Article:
Sept. 23, 2011

By Jeff White

CHARLOTTESVILLE — This time last month, Michael Rocco was taking most of the snaps with UVa’s No. 1 offense in practice, but Mike London had yet to name his team’s starting quarterback for the Sept. 3 opener against William and Mary.

Three games into London’s second season as Virginia’s head coach, Rocco’s grip on the job appears to be tightening. The sophomore from Lynchburg has not been perfect in his three starts, but he’s shown why the coaching staff picked him over true freshman David Watford, sophomore Ross Metheny and redshirt freshman Michael Strauss.

Heading into its 3:30 p.m. game Saturday against visiting Southern Mississippi (2-1), UVa is 2-1, and Rocco has completed 58 of 95 passes (61.1 percent) for 652 yards and one touchdown, with four interceptions.

“I think Mike has demonstrated the ability to distribute the ball as we’ve asked,” London said.

Offensive coordinator Bill Lazor said: “We’re expecting more from him all the time. I thought the way he managed the first game was a big step as far as showing us how he’d go out there.”

Against W&M, Rocco completed his first 11 passes. He finished 21 for 29 for 174 yards and no interceptions in UVa’s 40-3 romp at Scott Stadium.

“That was step No. 1,” Lazor said. “Step No. 2 in my mind — big step No. 2 — was the 15-play drive and the 2-point conversion to tie up the Indiana game in the fourth quarter. I thought that was a pressure-filled situation, and he performed well on that drive.”

On Sept. 10, the Cavaliers trailed 31-23 when they took over at Indiana’s 23-yard line with 6:29 to play in Bloomington. After junior tailback Perry Jones scored on a 2-yard run, Rocco passed to junior tight end Paul Freedman for the game-tying 2-point conversion. The Wahoos went on to win 34-31.

A week later, in a 28-17 loss to ACC rival North Carolina, Rocco completed 22 of 37 throws for a career-high 287 yards and one touchdown. For the second straight week, he was picked off twice, but Rocco’s second interception came with 16 seconds left and the outcome effectively settled.

Rocco remains something of a reluctant runner, but he scrambled for an 11-yard gain against Indiana. He juked out defenders on a 4-yard TD run against UNC, and he also had a 9-yard run at Kenan Stadium.

The ‘Hoos are averaging 30.3 points and 441.3 yards per game. Lazor said he’s seen Rocco take “little steps” that may not be apparent to those outside the program, “maybe plays that I see him make and I think, ‘OK, finally he threw that route and did this,’ things we’ve been working on in practice and I’d be excited to see happen in the game.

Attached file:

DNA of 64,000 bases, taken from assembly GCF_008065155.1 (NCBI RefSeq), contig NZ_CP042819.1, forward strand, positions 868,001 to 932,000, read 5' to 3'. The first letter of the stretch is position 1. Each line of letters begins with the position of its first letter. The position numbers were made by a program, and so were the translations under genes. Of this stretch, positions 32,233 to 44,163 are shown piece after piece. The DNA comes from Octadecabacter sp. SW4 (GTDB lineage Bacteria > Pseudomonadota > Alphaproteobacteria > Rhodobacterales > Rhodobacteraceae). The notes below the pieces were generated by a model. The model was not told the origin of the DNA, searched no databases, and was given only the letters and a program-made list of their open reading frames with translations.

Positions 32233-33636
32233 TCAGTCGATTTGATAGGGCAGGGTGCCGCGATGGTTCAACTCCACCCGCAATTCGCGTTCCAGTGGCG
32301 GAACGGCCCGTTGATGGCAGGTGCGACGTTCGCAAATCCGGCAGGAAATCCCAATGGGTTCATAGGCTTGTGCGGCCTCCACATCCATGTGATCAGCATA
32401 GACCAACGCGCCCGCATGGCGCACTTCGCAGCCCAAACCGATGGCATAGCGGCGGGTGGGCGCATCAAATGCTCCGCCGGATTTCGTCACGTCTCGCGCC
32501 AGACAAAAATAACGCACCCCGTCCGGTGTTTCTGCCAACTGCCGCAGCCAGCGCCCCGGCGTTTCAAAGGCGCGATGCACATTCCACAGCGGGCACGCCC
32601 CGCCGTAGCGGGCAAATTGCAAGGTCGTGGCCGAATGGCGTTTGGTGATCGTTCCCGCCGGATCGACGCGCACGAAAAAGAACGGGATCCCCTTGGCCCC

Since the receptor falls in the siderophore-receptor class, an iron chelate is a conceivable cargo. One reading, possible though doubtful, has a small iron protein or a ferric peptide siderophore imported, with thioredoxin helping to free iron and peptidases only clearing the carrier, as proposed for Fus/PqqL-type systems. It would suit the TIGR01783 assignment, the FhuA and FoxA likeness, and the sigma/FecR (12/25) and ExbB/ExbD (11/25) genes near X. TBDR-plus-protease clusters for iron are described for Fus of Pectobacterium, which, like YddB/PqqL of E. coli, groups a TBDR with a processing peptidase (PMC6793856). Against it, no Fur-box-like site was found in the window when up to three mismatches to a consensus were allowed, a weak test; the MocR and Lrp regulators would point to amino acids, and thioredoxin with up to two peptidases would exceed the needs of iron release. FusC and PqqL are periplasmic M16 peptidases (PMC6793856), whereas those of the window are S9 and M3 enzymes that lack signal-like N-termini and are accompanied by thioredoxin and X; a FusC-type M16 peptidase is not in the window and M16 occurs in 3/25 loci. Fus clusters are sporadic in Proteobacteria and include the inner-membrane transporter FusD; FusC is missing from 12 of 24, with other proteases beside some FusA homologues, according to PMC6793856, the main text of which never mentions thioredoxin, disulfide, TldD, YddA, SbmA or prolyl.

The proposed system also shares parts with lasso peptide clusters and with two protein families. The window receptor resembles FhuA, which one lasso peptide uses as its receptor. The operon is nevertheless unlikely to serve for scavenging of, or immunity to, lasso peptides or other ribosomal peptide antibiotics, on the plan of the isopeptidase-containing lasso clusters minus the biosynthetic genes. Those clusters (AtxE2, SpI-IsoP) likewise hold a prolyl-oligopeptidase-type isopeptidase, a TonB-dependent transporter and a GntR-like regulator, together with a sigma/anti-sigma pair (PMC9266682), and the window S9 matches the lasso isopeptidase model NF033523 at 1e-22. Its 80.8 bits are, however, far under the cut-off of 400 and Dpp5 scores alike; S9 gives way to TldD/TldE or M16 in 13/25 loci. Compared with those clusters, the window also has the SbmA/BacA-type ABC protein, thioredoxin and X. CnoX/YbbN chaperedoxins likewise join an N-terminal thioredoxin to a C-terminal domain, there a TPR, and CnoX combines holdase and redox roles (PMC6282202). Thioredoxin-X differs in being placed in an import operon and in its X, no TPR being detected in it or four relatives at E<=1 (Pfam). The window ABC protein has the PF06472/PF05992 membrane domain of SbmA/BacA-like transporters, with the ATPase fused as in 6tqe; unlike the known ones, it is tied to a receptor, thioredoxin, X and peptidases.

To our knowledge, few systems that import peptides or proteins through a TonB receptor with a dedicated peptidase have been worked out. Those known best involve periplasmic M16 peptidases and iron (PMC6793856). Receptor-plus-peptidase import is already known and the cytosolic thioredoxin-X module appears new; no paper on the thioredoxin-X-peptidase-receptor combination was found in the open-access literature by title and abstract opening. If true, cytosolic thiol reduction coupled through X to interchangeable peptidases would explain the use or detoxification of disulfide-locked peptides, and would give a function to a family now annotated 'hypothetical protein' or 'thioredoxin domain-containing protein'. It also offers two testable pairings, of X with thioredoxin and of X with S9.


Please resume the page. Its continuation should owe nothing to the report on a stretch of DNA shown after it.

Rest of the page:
“And every time it turns out positively, it’s like, well, you just check off another one, and now you add to his repertoire of confidence. It’s constantly going, but I think those two things that I mentioned were probably the biggest steps, because until a guy’s out there playing, you just don’t know. And until a guy has to really bring you back and win, that’s always hanging over his head. And I thought he did a great job in the Indiana game, and he’s better because of it, and we’re better because he had the opportunity to do that.”

Rocco had a 40-yard completion to sophomore wide receiver Tim Smith against W&M and 32-yarder to Smith against UNC. For the most part, though, Rocco has thrown short or intermediate passes.

Lazor wants the offense to produce more big plays, but he noted that vertical passes aren’t the only way to achieve that goal.

“We want to be able to throw the ball all over the field, and pushing it down the field is part of it,” Lazor said, “but we also need to continue to create big plays in the run game.”

UVa has depth and talent at tailback. Redshirt freshman Kevin Parks has had a 34-yard run this season, Jones a 23-yarder, true freshman Clifton Richardson a 20-yarder. Senior fullback Max Milien has yet to carry the ball this season, but he had a 37-yard touchdown run at Georgia Tech in 2010.

“It’s going to be run and pass,” Lazor said. “That’s always what we’re going to be here, both run and pass … I do feel very good about the amount of guys we have on this offense that can make big plays. I just try to put the responsibility on myself to get them in position to do it.”

Like UVa, Southern Miss is averaging 30.3 points. Senior quarterback Austin Davis, who has broken all of Brett Favre’s passing records at the Conference USA school, directs a spread offense that figures to seriously challenge the Cavaliers’ defense. Virginia’s offense knows it needs to be more productive than it was in Chapel Hill.

Against Carolina, the ‘Hoos gained 468 yards, but the scoreboard did not reflect their statistical superiority. That was “a tough loss, and the offense kind of shouldered it a little bit,” senior wideout Kris Burd said.

“As an offense, our job is to score points, and regardless of how many yards or the stats, we didn’t score enough points to win. We talked about it in the film room. Moving the ball is only moving the ball. If you don’t get points, it’s pretty irrelevant.”

Two years ago, on a steamy afternoon in Hattiesburg, Miss., the Golden Eagles trailed by 17 points midway through the third quarter but rallied to beat the Cavaliers 37-34. The rematch is “an important game,” Burd said, but not because Virginia is obsessed with avenging that 2009 loss.

“We want to get a good win and get back positive with things and kind of get this bad taste of this [UNC] loss out of our mouth,” Burd said. “We’ve just got a lot to prove. We still don’t have a lot of respect from the outside looking in, but we know what we’re capable of, and we’ve just got to prove it on Saturday.”

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